What future for the DATE conference?

Last week was the first time that Nicolas and myself attended the DATE conference. We were there as exhibitors with Synflow, and here is what we have to say about DATE. The conference takes place in Dresden, Germany, which is a pretty nice city. Receptions (exhibition reception and DATE party) had very good food and the party included a visit of Volkswagen's awesome luxury car plant. The staff was professional and nice, and we were lucky to have a neighbor who gave us an interesting perspective and helpful advice (thanks Amit!). Now on to the review of the actual exhibition.

First, DATE is not cheap. Special start-up price is 2K€ ($2.7K). I just looked up DAC, it has a special "first exhibitor" package, for a mere $1.5K. DAC is about three times bigger, too. Concerning attendance, I was able to find numbers here and on the websites for the previous editions. There were 625 exhibition visitors in 2010, increased to 890 in 2011 (probably due to the presence of GlobalFoundries), and 800 in 2012 and 2013; the number of conference attendees has been around 1,300 and now is around 1,400. I couldn't find any other statistics. By contrast, DAC compiles in-depth statistics about its visitors, including demographics and an event audit.

DATE is 75% more expensive and 3x smaller than DAC. Hmm. This means that to be worth your time and money, exhibiting at DATE would have to get you several quality leads, right? Smaller is not necessarily bad, if you expect the conference to be well-focused on semiconductor, EDA, IP, design, verification. Sadly, this is not the case. Not one of the Big Three in EDA was exhibiting. No IP companies (ARM, Arteris, Sonics) either. That could still be ok, as it should not prevent semiconductor professionals from visiting the exhibition area. Let's go back to the numbers.

Facepalm statue

The total attendance only tells part of the story. Since we are a company, we are more interested in "exhibits only" attendees: in this case, DATE has 800 exhibition visitors versus 2,400 for DAC. What proportion of these actually visited the exhibition area? No statistics here, only a rough estimation. We must have seen at most 100 people walking around our corner on the first day, but on days 2 and 3, this dropped to about 20 people per day. Keep in mind that this is not the number of people who stopped at our booth, just the number of people walking by our corner, regardless of whether they stopped at our booth, or at the booth of our neighbors. DATE advertises that Dresden is at the heart of the "Silicon Saxony" with 40,000 jobs related to semiconductor. Where the hell did these people go? Don't they or their companies care about innovation? And Infineon, where art thou? Come on, all you needed to do was take the 8 tramway at the station "Infineon Süd", change at Albertplatz to take the 6 to the KongressZentrum (Congress Center).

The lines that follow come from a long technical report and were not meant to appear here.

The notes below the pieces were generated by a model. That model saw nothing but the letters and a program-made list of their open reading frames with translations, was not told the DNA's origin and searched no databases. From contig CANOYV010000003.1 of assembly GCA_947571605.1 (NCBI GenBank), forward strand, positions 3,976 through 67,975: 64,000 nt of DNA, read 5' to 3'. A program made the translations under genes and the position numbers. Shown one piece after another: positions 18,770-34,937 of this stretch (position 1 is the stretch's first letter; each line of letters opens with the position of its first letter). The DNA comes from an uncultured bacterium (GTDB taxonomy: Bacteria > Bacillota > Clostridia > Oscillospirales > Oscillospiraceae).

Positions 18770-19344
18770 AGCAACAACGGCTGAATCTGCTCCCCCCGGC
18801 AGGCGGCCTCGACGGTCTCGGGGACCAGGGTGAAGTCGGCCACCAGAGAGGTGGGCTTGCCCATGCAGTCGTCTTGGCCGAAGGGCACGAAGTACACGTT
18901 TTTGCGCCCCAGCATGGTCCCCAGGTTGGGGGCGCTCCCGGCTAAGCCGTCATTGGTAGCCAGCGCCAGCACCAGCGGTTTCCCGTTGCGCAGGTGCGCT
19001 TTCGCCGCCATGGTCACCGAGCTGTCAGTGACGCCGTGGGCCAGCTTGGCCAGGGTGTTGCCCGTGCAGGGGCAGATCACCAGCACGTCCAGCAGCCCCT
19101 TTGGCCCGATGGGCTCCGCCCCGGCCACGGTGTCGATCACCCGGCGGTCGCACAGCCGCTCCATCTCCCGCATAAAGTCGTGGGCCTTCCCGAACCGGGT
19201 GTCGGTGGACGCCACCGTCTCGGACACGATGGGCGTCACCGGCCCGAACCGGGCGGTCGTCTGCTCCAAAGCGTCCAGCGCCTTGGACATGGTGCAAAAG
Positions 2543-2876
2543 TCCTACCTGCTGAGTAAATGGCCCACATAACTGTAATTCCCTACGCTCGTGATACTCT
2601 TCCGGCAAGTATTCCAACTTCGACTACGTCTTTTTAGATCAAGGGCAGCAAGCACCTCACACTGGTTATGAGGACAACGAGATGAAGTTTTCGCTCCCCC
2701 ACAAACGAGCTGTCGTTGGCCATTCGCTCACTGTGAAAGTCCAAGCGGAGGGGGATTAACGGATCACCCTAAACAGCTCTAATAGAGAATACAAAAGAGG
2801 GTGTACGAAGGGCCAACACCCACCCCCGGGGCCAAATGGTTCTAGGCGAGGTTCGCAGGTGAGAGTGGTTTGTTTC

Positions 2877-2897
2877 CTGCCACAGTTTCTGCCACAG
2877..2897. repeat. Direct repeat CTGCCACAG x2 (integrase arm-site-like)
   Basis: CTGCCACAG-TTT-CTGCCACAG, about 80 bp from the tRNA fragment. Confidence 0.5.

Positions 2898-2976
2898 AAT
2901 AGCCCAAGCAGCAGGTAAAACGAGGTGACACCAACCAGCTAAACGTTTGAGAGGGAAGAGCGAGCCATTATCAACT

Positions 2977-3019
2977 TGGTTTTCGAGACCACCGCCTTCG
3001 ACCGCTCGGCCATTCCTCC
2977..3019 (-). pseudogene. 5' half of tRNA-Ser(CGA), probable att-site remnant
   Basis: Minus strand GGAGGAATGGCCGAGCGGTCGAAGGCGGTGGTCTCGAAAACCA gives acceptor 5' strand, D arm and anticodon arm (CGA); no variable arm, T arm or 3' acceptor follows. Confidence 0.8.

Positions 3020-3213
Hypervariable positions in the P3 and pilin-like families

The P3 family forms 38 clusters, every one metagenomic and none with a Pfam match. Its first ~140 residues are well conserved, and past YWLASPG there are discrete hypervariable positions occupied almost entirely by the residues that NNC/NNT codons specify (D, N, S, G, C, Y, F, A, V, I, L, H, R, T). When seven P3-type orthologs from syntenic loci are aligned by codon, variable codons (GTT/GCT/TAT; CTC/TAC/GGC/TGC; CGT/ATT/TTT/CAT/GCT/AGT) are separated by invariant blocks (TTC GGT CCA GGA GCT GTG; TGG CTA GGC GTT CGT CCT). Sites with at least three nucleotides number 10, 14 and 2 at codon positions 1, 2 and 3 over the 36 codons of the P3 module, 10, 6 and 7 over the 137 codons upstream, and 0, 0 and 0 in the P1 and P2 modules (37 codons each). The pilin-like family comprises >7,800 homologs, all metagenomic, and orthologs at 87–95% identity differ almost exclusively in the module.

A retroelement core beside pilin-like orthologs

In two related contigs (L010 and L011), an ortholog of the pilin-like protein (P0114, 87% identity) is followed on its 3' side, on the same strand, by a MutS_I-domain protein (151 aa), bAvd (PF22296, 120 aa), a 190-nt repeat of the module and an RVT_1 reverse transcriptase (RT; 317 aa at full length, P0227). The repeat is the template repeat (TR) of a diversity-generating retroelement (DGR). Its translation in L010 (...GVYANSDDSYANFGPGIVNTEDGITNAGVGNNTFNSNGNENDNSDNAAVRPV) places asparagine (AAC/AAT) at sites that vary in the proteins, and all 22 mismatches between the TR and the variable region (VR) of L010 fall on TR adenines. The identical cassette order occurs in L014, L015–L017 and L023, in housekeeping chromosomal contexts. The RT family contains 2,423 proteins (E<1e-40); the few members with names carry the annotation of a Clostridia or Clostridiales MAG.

Equally important to the number of visitors is the question: who are those visitors? What is the probability of a visitor transforming into a quality lead? Because let's face it, some researchers might buy software, albeit often at a heavily discounted price; but students? They're never gonna buy a thing, so you want as few of them as possible. Well at DAC, a mere 7% of exhibit attendees are students (12% if you count conference + exhibit attendees). Again no numbers for DATE, so this is only based on what we've observed, but a majority (that's over 50%) of our visitors were students. And it's not just us, either, our neighbors have had a similar experience. You tend to remember the occasional designer or professor, because they're just so few and far between. To give you an idea, we got more business cards at IP-SoC 2012 where we were not even exhibiting, or at SAME 2013 where we exhibited for ONE day only and a quarter of the price. WTF?

equation: disappointment = expectation divided by reality

What about DATE's future?

The feedback from a couple of companies exhibiting at DATE a few years in a row is that the exhibition area has been shrinking. The supposed 800 visitors are like dark silicon: they're here, they're just not active. Based on the exhibit/conference attendees ratio (around 2 at DAC, versus 0.5 at DATE), I see two possibilities:

  1. either DATE recognizes that the industry needs a European show focused on EDA/semiconductor, like a DAC for the EU, and puts a strong focus on exhibition, reducing the size of the conference and/or attracting more professional exhibition visitors in an attempt to increase that exhibition/conference ratio,

  2. or DATE stays a conference focused on academia with an accessory exhibition area, gets used to dwindling numbers of exhibitors, and gets to keep widening the gap between research and the needs of the industry.

Your call, DATE.